Beetroot 101: Nutrition Facts of a Superfood

Updated: Mar 31

Beets have been associated with numerous health benefits, including improved blood flow, lower blood pressure, and increased exercise performance. Many of these benefits are due to their high content of inorganic nitrates that may help to balance your nitric oxide pathways (1, 2, 3).

Packed with essential nutrients, beetroots are a great source of fiber, folate (vitamin B9), manganese, potassium, iron, and vitamin C.


Vitamins and Minerals

Beetroots are a great source of many essential vitamins and minerals.

  • Folate (vitamin B9) One of the B vitamins, folate is important for normal tissue growth and cell function. It’s particularly necessary for pregnant women (4, 5).

  • Manganese. An essential trace element, manganese is found in high amounts in whole grains, legumes, fruits, and vegetables.

  • Potassium. A diet high in potassium can lead to reduced blood pressure levels and positive effects on heart health (6).

  • Iron. An essential mineral, iron has many important functions in your body. It’s necessary for the transport of oxygen in red blood cells.

  • Vitamin C. This well-known vitamin is an antioxidant that is important for immune function and skin health (7, 8).

















Beetroot (Beta vulgaris) is a root vegetable that is a great source of vitamins and minerals such as folate, manganese, potassium, iron and vitamin C.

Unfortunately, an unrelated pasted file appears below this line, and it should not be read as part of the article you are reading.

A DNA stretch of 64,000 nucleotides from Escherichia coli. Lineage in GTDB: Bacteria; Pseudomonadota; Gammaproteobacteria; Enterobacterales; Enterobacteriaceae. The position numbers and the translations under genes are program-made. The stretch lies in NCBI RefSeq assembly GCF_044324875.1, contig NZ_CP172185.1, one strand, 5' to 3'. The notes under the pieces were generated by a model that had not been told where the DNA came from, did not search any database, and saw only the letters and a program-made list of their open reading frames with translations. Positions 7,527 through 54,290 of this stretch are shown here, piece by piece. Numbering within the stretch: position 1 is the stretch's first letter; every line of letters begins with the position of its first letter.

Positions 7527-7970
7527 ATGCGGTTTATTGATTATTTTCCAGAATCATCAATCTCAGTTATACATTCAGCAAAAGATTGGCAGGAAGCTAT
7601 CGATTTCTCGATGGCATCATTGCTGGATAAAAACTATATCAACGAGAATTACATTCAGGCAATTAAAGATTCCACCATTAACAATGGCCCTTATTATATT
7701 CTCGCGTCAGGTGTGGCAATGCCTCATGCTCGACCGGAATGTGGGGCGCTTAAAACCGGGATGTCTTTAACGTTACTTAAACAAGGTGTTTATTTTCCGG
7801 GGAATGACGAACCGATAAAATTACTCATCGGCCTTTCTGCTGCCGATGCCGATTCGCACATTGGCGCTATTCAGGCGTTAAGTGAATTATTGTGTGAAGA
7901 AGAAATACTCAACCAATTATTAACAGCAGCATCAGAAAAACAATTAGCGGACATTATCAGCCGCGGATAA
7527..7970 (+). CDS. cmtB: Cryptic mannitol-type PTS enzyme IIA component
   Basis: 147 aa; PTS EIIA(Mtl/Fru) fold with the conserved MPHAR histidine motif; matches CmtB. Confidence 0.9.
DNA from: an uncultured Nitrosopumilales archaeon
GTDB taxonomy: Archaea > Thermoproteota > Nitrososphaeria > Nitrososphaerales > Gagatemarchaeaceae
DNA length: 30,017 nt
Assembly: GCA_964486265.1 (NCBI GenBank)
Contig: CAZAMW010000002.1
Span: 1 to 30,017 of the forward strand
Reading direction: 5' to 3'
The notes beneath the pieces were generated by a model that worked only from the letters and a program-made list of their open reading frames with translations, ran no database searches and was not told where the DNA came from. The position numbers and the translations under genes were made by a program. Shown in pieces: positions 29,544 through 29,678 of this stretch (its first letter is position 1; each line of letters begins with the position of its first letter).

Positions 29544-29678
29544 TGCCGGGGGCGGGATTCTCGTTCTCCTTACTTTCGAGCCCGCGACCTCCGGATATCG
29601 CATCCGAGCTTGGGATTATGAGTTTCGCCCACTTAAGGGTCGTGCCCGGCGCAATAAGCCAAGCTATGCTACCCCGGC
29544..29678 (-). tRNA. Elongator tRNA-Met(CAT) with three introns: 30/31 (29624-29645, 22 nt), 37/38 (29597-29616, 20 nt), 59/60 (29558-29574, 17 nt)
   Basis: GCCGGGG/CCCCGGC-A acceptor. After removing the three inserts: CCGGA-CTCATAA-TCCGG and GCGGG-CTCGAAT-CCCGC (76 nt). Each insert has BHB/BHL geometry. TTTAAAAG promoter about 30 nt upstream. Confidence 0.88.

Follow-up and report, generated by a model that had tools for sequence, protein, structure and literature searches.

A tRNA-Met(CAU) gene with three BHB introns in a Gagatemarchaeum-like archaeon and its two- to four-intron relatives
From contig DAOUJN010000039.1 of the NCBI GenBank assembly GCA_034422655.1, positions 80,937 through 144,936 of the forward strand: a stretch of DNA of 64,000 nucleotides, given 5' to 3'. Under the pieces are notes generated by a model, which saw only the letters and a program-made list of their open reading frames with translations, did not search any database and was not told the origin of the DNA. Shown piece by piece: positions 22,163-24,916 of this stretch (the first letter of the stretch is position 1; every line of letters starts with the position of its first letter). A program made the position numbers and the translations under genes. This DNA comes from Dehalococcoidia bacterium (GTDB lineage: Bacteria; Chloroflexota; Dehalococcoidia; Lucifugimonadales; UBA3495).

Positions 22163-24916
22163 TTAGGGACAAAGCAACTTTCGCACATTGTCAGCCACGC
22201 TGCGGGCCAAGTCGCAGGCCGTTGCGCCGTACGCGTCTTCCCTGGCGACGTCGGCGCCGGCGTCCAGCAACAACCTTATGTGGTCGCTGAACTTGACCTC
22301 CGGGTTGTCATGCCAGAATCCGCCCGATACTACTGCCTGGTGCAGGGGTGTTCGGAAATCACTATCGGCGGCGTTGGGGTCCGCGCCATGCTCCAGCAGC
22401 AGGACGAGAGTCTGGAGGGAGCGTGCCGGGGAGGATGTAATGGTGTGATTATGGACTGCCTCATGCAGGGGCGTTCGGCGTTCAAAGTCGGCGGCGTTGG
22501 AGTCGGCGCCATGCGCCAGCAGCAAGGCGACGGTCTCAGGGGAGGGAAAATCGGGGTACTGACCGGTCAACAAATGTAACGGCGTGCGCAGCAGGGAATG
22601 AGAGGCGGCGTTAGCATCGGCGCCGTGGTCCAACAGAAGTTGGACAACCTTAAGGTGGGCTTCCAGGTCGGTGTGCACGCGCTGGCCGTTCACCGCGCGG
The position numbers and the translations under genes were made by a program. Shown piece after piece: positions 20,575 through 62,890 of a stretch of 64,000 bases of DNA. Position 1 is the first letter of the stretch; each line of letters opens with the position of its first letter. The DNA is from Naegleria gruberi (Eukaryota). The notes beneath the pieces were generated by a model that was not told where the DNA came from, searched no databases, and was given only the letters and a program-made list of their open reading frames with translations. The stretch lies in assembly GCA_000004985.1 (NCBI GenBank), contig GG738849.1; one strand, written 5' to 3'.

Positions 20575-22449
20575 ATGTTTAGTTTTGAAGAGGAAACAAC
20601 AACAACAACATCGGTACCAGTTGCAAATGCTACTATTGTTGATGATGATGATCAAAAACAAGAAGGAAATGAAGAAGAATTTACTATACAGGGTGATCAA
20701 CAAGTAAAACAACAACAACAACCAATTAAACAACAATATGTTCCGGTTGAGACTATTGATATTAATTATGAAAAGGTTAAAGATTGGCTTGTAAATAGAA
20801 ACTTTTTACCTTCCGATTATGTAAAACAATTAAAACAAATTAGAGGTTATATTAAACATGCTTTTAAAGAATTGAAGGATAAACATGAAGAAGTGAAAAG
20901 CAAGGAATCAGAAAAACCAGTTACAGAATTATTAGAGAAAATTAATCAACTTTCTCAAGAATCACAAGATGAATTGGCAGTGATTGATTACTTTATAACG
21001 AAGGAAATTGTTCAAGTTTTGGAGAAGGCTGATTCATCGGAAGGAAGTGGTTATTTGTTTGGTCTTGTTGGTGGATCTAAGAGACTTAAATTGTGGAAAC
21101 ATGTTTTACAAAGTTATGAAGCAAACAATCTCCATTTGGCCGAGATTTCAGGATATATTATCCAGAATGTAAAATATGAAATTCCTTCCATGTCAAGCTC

Fiber

Beetroots are high in fiber, providing about 2–3 grams in each 3/4-cup (100-gram) raw serving. Dietary fiber is important as part of a healthy diet and linked to a reduced risk of various diseases.


Other Plant Compounds

Plant compounds are natural plant substances, some of which may aid health.

The main plant compounds in beetroots are:

  • Betanin. Also called beetroot red, betanin is the most common pigment in beetroots, responsible for their strong red color. It is believed to have various health benefits (9).

  • Beets are a source of Inorganic nitrate. Found in generous amounts inleafy green vegetables, beetroots, and beetroot juice, inorganic nitrate turns into nitric oxide in your body and has many important functions(10,11,12)

  • Vulgaxanthin. A yellow or orange pigment found in beetroots and yellow beets.


Beetroots are high in several beneficial plant compounds, especially betanin, vulgaxanthin and inorganic nitrates. These compounds may help with lowering blood pressure, improving oxygen use, stamina and exercise performance.


Increased Exercise Capacity

Numerous studies suggest that nitrates can enhance physical performance, particularly during high-intensity endurance exercise.



Dietary nitrates have been shown to reduce oxygen use during physical exercise by affecting the efficiency of mitochondria, the cell organs responsible for producing energy (13). Beets and their juice are often used for this purpose because of their high inorganic nitrate content.


Consumption of beetroots may improve running and cycling performance, increase stamina, boost oxygen use, and lead to better exercise performance overall (14, 15 16,17).


Beetroot supplementation is beneficial in many ways, and has many positive impacts on inflammation, oxidative stress, cognition and endothelial function. I recommend that my patients add it in to their diet regimen 2-3 times per week, and more if they have a higher athletic lifestyle.


By: Dr. Leila Doolittle

Published on March 30, 2020

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